Folks ask us all of the time about organic farming. For most people, they understand organic farming as not using poisons. While that is certainly a big part of organic farming, it’s not the whole story. There is much, much more to the tale.
Believe it or not, there are many different types of organic farms. From the huge corporate agribusinesses like Horizon and Kellogg and Pepsi (for a great chart showing who owns organic brands, check out this pdf from The Cornucopia Institute) to the small farmer down the road, there are a wide variety of organic farmers. And lots and lots of posers too but that’s a story for a different day.
On our farm, we listen to alot of music. It’s mostly disco during CSA packout and, depending on who chooses, lots of pop and country and alternative bands too. One of my favorite songs by one of my favorite artists includes a line that pretty much sums up organic farming for this farm. It’s a song called, “Three Wooden Crosses” and the line goes like this,
“I guess it’s not what you take when you leave this world behind you,
It’s what you leave behind you when you go.”
It’s a philosophy that means alot to me and it helps me make all sorts of decisions every single day. When I think of some of the great things other cultures have left behind – from algebra to architecture to poetry and crafts – I think of what our society is leaving behind. What will people a hundred years from now think of us? What will people a thousand years discover as they dig into our soils?
What we leave behind each year at Montalbano Farms are rejuvenated soils. We leave behind fields and habitat that supports all kinds of insects and mammals and birds (and a few snakes too but PLEASE DO NOT TELL Camelia!). We leave employees who have a greater appreciation for hard work and delicious food. We leave behind native and heirloom trees. We leave behind donations to local food pantries that help hungry folks eat the very best food that money cannot buy. We leave behind hope and inspiration and some awfully dirty T-shirts too.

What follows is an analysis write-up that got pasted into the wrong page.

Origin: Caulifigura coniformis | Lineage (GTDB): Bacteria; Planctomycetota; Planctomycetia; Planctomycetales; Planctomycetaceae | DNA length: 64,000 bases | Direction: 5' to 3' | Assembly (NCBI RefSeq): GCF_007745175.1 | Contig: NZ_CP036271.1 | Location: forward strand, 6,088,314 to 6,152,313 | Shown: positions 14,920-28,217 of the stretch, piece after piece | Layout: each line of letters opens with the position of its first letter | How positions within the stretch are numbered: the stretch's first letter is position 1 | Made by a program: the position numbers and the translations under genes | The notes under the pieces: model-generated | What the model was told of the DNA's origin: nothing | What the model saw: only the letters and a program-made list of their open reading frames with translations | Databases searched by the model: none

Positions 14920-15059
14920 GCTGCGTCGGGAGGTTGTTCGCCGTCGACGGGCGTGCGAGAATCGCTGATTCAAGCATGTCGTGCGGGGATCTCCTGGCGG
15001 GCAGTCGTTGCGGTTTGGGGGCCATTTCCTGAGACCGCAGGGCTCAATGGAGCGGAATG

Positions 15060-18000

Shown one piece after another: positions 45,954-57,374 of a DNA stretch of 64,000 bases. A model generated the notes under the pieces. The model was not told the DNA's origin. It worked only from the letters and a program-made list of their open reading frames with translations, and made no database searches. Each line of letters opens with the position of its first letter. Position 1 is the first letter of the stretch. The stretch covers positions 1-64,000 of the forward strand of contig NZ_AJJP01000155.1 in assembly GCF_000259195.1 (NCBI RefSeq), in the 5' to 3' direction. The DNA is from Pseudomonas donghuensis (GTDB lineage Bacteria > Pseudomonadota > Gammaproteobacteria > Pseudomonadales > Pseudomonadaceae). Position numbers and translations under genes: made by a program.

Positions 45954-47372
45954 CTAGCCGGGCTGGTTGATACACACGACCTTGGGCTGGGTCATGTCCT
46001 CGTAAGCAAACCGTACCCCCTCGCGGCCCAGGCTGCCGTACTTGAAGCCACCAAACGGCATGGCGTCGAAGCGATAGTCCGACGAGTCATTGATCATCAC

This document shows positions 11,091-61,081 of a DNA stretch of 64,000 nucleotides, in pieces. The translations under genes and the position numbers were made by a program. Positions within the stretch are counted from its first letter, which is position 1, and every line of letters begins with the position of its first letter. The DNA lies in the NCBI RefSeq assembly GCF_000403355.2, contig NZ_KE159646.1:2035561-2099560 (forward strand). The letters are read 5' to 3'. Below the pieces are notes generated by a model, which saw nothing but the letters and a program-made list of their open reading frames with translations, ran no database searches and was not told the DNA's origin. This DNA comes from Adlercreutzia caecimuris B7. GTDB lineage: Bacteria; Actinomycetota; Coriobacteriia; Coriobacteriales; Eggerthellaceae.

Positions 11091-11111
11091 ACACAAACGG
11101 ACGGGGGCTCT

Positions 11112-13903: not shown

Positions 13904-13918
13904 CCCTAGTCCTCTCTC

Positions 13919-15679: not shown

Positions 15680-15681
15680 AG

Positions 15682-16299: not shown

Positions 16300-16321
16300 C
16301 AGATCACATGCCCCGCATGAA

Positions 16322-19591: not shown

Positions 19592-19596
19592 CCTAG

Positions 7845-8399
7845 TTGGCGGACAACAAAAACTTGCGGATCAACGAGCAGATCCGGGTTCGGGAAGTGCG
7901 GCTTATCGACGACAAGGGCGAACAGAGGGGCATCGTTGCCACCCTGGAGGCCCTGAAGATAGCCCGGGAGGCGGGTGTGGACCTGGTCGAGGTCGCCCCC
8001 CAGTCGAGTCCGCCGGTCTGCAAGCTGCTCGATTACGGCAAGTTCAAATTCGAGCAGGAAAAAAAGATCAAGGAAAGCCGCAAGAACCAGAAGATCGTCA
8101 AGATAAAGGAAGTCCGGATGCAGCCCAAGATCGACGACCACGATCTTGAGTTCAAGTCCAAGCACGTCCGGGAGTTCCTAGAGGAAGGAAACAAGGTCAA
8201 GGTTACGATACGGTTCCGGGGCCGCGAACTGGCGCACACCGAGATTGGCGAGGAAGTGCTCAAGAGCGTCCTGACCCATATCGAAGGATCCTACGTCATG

We leave behind, I hope at least, the chance that future generations will look at our farm and say three things. First, that we left behind the opportunity for others to keep growing healthy food on healthy soil. Second, that we left behind the ability to continue nourishing families in our community. And, finally, that we left behind natural resources that are strong and vibrant and resilient.
I hope so because every single day the whole crew at Montalbano Farms works very hard to make it all happen. The whole crew hopes that you enjoy your vegetables this week.